The NSA stuff had to come up, even if his confirmation is assured.
Associated Press has the bare bones here -
As a practical man, legal or not, he had to run those programs. And what does it matter now, in this new job as head of the CIA, or more formally the Director of Central Intelligence?
CIA director nominee Michael Hayden acknowledged concerns about civil liberties even as he vigorously defended the Bush administration's warrantless eavesdropping program as a legal spy tool needed to ensnare terrorists.
Peppered with tough questions at a daylong confirmation hearing Thursday, the four-star Air Force general portrayed himself as an independent thinker, capable of taking over the CIA as it struggles with issues ranging from nuclear threats to its place among 15 other spy agencies.
Hayden spoke of his own concerns about the no-warrant surveillance program and other eavesdropping operations he oversaw as National Security Agency chief from 1999 until last year.
"Clearly, the privacy of American citizens is a concern - constantly," he told the Senate Intelligence Committee. "And it's a concern in this program. It's a concern in everything we've done."
Hayden said he decided to go ahead with the terrorist surveillance program in October 2001 after internal discussions about what more the NSA could do to detect potential attacks. He believed the work to be legal and necessary, an assertion Democrats and civil liberties groups have aggressively questioned.
"The math was pretty straightforward," Hayden said. "I could not not do this."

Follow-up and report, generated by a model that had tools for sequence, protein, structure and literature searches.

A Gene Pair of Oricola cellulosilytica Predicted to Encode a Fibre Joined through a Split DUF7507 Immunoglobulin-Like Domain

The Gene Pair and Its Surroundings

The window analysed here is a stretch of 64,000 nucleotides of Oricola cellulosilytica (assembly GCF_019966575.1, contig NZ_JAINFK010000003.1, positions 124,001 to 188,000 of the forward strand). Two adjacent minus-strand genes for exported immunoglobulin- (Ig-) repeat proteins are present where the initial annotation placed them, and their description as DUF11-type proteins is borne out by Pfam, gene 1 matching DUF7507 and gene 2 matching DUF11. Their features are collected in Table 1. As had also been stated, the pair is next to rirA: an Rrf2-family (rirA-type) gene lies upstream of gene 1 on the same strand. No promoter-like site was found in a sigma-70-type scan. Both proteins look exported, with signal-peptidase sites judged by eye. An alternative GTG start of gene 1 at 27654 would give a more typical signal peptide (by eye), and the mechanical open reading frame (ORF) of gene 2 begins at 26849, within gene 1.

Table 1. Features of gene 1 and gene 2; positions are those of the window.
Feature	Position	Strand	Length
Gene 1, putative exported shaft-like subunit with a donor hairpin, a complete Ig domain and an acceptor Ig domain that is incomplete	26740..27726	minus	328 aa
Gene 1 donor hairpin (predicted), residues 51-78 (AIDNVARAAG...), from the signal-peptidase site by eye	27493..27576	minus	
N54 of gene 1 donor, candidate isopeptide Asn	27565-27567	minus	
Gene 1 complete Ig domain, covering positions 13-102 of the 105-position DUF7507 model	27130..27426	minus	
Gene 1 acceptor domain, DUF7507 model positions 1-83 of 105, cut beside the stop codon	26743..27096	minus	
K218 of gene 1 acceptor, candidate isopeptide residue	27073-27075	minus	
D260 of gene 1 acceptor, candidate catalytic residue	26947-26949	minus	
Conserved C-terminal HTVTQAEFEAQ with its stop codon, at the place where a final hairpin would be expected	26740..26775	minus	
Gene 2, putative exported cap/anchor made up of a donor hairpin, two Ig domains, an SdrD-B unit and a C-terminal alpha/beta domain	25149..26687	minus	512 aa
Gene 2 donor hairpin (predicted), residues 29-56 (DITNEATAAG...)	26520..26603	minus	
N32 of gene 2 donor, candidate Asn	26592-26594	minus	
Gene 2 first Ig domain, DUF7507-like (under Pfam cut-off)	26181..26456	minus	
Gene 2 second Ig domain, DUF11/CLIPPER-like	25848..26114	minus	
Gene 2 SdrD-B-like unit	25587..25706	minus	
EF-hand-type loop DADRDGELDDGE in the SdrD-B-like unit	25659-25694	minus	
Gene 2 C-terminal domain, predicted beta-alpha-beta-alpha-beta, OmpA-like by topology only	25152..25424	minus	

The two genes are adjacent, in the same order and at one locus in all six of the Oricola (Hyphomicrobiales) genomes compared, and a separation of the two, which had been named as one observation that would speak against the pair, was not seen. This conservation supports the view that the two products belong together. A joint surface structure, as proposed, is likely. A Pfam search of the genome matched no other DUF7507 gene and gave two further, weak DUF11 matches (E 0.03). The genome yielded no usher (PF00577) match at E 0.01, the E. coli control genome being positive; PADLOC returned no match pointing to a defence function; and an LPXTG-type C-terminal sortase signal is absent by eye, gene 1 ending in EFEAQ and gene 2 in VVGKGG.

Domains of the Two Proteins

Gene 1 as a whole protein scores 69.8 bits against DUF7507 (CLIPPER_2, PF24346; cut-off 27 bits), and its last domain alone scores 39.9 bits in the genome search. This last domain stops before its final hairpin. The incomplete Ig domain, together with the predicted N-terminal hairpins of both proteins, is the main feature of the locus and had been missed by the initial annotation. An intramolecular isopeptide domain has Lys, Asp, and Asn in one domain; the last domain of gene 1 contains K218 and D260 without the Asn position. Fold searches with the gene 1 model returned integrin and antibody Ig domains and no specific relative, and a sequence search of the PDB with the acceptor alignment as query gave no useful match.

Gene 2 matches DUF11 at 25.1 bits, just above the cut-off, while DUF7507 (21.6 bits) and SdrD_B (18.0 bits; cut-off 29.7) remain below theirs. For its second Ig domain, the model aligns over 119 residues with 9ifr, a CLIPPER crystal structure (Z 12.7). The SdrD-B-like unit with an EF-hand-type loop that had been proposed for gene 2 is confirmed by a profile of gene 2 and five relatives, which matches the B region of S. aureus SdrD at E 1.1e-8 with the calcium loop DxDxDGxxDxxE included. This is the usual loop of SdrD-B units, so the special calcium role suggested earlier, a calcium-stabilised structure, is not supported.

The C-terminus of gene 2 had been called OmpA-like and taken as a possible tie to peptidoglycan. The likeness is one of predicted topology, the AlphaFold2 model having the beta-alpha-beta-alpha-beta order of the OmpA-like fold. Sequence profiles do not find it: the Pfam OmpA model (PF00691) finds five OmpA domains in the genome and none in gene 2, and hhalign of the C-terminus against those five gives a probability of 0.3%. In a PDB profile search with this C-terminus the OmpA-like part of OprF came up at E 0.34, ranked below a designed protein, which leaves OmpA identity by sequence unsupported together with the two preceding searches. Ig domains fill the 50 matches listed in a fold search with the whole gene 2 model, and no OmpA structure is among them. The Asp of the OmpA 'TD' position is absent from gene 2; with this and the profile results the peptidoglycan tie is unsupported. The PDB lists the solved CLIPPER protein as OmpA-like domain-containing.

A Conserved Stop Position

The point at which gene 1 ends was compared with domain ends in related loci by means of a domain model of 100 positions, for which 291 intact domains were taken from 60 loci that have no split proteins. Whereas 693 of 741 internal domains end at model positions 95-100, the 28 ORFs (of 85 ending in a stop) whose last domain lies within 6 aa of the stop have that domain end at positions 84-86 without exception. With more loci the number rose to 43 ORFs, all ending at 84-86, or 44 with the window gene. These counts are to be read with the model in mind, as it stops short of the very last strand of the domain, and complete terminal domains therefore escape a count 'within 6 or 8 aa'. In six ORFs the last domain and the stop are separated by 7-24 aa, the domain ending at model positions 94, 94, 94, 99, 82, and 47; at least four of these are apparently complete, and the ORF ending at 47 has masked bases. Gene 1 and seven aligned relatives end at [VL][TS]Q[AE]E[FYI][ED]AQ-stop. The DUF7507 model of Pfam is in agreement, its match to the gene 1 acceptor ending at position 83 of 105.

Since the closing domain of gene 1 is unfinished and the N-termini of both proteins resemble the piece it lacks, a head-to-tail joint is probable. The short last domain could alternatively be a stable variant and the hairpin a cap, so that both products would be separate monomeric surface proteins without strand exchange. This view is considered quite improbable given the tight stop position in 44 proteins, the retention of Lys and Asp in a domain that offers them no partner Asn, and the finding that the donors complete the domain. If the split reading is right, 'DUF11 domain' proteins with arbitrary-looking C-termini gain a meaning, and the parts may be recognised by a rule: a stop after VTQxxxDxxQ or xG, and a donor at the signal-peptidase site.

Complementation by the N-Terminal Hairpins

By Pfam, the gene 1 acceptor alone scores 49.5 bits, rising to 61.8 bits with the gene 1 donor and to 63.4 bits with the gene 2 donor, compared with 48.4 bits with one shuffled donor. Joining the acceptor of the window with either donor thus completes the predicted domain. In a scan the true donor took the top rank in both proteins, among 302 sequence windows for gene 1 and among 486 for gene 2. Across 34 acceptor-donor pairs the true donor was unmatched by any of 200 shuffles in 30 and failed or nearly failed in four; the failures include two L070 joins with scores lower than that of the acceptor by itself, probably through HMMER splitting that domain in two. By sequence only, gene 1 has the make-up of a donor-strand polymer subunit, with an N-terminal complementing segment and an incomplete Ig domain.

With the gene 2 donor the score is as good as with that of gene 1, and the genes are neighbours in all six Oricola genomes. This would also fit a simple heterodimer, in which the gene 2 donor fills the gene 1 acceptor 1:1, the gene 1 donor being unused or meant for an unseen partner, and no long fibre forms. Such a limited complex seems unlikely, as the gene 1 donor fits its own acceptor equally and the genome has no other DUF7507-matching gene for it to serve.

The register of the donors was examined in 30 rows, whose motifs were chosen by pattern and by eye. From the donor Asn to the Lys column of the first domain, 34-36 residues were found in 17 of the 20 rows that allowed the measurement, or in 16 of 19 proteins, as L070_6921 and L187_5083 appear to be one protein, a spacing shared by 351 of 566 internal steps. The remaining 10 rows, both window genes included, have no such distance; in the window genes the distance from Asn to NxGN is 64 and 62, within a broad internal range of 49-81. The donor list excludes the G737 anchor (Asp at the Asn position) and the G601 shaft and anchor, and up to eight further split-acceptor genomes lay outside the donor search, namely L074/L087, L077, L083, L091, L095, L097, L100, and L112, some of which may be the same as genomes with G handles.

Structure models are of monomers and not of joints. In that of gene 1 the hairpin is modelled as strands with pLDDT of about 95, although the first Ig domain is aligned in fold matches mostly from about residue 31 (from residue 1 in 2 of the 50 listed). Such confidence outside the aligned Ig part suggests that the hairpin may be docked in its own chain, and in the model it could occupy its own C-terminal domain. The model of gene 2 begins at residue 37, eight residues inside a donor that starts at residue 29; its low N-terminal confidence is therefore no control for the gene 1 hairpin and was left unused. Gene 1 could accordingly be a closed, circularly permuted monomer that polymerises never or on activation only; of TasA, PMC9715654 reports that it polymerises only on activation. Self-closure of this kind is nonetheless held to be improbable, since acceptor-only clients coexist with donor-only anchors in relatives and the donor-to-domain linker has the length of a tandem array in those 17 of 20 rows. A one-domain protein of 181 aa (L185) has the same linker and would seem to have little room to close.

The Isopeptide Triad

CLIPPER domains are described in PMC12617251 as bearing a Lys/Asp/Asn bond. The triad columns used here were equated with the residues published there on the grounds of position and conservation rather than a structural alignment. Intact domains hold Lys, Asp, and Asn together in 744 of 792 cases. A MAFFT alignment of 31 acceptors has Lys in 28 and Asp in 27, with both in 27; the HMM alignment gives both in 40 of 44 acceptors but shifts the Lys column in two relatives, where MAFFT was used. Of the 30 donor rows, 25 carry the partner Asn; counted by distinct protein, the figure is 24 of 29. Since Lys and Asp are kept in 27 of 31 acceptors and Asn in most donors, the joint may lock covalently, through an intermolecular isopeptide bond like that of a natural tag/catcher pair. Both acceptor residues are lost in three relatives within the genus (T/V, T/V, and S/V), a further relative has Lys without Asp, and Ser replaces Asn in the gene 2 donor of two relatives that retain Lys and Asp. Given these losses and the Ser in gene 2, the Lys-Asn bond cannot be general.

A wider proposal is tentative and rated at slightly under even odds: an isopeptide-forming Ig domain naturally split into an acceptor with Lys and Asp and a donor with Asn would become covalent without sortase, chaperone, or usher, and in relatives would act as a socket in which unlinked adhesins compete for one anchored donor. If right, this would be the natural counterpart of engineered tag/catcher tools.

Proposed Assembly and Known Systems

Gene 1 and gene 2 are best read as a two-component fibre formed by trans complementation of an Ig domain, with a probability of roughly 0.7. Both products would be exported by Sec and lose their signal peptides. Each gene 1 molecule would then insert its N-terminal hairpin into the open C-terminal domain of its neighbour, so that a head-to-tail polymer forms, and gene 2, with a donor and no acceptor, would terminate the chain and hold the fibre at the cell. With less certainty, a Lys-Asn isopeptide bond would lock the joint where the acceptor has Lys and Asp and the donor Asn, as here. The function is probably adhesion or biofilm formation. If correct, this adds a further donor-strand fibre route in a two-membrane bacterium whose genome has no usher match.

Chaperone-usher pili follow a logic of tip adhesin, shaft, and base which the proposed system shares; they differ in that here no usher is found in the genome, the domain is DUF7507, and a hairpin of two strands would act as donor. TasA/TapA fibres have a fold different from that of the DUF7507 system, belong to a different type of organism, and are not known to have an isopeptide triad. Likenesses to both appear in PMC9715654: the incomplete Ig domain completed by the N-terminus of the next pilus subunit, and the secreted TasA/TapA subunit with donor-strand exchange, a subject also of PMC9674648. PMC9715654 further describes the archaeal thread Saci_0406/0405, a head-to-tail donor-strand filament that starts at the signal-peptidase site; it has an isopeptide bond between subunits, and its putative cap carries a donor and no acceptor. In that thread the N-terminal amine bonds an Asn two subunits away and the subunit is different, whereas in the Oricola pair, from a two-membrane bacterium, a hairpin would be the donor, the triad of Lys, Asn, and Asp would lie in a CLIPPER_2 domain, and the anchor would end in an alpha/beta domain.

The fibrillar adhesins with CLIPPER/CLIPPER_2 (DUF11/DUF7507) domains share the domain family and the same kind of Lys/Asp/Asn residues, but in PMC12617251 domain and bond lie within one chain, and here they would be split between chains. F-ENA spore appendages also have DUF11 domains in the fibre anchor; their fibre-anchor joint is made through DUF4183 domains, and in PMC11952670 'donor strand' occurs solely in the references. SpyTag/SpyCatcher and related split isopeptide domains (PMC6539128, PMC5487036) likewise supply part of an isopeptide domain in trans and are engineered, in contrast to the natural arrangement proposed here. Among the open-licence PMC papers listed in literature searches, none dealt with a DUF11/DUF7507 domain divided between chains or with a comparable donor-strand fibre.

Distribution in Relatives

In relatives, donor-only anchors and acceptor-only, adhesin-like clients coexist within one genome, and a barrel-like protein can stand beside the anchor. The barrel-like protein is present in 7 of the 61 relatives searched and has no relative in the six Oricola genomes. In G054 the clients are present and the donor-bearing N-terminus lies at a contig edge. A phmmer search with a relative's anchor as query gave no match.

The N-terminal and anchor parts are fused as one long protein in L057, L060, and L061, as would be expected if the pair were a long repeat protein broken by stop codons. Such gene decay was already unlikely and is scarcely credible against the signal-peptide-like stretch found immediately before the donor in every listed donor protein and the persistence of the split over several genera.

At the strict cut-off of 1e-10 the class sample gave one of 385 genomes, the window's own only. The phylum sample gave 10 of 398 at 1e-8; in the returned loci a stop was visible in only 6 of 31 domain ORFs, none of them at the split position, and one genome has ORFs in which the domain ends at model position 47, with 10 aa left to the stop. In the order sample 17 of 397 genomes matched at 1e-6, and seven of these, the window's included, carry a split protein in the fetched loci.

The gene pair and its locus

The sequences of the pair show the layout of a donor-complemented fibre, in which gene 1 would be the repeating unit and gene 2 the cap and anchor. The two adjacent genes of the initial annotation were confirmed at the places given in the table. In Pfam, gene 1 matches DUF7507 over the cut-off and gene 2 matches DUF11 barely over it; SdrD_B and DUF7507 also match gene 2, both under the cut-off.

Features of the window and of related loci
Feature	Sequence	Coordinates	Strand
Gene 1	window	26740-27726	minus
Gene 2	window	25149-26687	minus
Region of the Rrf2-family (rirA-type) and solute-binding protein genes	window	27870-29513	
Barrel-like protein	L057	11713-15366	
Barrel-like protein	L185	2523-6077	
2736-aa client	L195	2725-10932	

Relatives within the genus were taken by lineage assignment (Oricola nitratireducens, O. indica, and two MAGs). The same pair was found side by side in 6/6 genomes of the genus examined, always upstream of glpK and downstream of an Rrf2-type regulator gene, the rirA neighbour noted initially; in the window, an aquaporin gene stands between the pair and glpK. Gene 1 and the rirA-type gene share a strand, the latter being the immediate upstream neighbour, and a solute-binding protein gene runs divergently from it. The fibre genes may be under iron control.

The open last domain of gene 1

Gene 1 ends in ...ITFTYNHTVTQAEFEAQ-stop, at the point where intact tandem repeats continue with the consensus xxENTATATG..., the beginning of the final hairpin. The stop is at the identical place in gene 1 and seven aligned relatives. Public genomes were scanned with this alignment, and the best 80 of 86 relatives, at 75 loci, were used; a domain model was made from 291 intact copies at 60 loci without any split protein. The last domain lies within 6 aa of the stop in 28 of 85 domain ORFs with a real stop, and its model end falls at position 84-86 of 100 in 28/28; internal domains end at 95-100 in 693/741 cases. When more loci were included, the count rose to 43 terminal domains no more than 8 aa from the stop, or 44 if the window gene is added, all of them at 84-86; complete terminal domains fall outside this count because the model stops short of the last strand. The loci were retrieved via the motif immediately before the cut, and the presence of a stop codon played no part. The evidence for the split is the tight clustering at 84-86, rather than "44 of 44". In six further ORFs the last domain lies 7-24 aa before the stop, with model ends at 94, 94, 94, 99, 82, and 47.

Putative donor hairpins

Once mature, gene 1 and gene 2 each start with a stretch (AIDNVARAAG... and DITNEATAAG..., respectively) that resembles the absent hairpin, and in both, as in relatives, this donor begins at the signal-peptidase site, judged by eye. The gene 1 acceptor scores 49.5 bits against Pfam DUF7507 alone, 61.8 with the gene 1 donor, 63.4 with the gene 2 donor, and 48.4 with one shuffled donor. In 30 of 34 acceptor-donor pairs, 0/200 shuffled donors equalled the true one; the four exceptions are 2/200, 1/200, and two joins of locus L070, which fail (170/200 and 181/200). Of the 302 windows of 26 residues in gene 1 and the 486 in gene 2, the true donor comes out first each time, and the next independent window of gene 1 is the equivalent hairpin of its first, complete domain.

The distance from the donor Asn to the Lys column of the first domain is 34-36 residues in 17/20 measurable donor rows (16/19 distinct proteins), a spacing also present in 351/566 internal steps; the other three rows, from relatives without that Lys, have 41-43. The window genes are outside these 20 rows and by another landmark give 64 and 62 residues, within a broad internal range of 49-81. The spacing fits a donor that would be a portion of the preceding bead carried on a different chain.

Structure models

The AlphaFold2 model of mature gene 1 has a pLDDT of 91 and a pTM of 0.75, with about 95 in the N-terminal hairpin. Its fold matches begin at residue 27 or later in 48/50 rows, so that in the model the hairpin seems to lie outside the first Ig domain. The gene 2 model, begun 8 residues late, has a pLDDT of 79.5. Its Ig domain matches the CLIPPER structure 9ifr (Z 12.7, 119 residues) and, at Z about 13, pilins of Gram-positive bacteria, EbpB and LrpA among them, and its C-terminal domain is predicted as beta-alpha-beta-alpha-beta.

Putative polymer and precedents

As for the NSA business, Senator Levin - "Is that the whole program?" Hayden - "I'm not at liberty to talk about that in open session."
So thee was a closed-door session in the evening. No one will know what was said there. Whatever.
Hayden - "I also believe it's time to move past what seems to me to be an endless picking apart of the archaeology of every past intelligence success or failure."
Let it go, guys.
One critic, Christy Hardin Smith, won't, as we see here -
But Hayden is saying what's done is done. Let's move on.
... just got off a phone conference call that the ACLU arranged with Bruce Fein regarding the Hayden nomination for DCI and the implications that the hearings might have for the illegal domestic wiretapping without a warrant in which the NSA has been engaged.
One of the things that Bruce Fein said struck me, and I wanted to bring it to everyone's attention here: the Bush Administration is doing everything it can to prevent any of the illegally collected data and information from being used in any courtroom context, because they do not want to have to face the consequences of a constitutional challenge to their failure to obtain a lawful warrant. Think about that for a moment - Bruce Fein is no liberal, he is a very conservative Reagan Republican, having worked in the DoJ as Deputy Attorney General in the Reagan Administration.
And he is saying, out loud, that the Bush White House is avoiding constitutional scrutiny because they know - they KNOW - they will be shown to be what they are. Lawbreakers.
And Congress has been letting them get away with this, because they have put their perceived duty to their party and to partisanship and division ahead of their duty to the nation, to our principles and our Constitution.
This must stop. And that's where all of our readers come in - if you can, today, please take the time to e-mail, FAX or call the members of the Senate Intelligence Committee, first, and ask them to place partisanship aside and put the good of the country and our constitutional system of government first in how they evaluate General Hayden and the NSA wiretapping programs in which he was involved.
Smith say no -
Yeah, yeah, he did toe the administration line - no matter what you learned about the constitution in eight-grade civics class, the president is the big guy there to protect us all and can violate any law and ignore any court ruling about any law as that's his job, to deicide how to keep us safe. Article II says so, sort of - he's the daddy here, although the general from Pittsburgh didn't put it quite that way.